My research program focuses on understanding the cognitive processes that underlie spoken and written language production. Of primary interest to me are the processes involved in producing morphologically complex words, specifically the interplay of lexical and grammatical processes and the ways in which morphological structure affects phonological form. To address these issues I utilize several methodologies from cognitive science including phonology and phonetics, psycholinguistics, cognitive neuropsychology and computational simulation. This approach allows me to pursue these questions in a problem-centered, interdisciplinary manner.
Some of the questions I ask are:
- How are multimorphemic words such as compounds stored in long term memory, what factors influence the way they are represented, and what implications do these different representations have for phonological production?
- How do performance factors such as the speed of lexical retrieval and cascading activation influence the outcome of grammatical phonological processes?
- How is information from various processing streams (whole word vs. compositional routes in morphology; lexical and sub-lexical routes in reading) integrated?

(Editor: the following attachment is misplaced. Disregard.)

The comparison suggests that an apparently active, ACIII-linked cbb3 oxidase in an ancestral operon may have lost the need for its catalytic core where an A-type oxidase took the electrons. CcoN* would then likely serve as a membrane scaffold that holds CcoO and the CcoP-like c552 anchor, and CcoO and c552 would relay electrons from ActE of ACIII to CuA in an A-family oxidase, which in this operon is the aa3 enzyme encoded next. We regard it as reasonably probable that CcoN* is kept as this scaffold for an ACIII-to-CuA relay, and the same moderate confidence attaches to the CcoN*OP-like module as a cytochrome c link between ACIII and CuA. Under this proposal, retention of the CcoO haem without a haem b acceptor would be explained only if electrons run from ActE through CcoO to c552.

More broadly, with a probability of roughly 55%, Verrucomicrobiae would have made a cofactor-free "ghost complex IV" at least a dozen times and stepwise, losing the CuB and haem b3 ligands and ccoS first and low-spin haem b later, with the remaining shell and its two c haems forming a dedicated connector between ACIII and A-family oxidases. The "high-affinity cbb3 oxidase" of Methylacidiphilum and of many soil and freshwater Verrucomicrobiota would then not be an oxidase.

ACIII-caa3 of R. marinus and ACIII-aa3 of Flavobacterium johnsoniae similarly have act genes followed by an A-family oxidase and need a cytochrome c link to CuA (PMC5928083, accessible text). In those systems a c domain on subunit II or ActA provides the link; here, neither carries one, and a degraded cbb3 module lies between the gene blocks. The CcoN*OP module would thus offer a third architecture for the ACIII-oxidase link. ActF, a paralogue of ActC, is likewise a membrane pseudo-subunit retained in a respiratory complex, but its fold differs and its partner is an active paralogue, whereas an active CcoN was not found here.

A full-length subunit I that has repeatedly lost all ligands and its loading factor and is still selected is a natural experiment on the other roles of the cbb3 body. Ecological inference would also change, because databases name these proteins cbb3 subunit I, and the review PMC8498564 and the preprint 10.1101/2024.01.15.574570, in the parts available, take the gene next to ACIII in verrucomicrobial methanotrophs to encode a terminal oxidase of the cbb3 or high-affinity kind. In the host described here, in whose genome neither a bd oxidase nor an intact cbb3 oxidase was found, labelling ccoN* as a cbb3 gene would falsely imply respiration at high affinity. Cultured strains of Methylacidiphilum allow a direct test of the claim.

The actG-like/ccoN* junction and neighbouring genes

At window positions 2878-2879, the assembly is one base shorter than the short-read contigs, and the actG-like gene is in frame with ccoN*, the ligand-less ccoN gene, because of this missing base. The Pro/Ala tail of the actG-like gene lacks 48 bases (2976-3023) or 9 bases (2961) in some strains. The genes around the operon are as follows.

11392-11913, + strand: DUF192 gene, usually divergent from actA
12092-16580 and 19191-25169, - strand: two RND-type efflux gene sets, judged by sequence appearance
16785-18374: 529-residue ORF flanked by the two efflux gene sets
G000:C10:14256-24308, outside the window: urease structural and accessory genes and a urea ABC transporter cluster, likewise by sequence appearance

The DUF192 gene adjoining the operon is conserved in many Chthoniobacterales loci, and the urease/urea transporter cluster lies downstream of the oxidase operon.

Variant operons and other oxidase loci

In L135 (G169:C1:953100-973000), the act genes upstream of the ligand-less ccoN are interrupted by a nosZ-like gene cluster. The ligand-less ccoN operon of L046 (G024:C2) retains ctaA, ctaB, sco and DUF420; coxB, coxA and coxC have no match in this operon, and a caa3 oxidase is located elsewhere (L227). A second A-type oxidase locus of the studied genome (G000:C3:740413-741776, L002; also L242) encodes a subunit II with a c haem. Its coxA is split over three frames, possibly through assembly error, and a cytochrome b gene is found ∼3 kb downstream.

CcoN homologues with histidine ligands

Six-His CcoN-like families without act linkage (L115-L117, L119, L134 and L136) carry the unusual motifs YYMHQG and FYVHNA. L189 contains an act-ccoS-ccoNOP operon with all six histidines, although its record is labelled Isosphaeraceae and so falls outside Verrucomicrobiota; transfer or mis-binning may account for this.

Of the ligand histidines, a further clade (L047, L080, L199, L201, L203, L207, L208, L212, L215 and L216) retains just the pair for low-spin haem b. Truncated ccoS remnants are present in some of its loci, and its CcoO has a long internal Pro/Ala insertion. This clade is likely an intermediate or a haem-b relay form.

- How is serial order -the process by which each letter in a word is produced in the proper order- achieved in spelling?
- What is the structure of orthographic representations?
- What statistical knowledge do we have of the way letters may combine in a language?
- How does morphological structure influence spelling?
- PhD, Johns Hopkins University, 2010
Psychology of Language, Linguistics
Selected Publications and Presentations
Goldberg, A.M., & Rapp, B. (2008). Is compound chaining the serial order mechanism of spelling? A simple recurrent network investigation. Cognitive Neuropsychology, 25(2), 218-255.
Landau, B., Dessalegn, B., & Goldberg, A.M. (in press) Language and space: Momentary interactions. To appear in P. Chilton and V. Evans (Eds.), Language, cognition and space: The state of the art and new directions. Advances in Cognitive Linguistics Series. London: Equinox.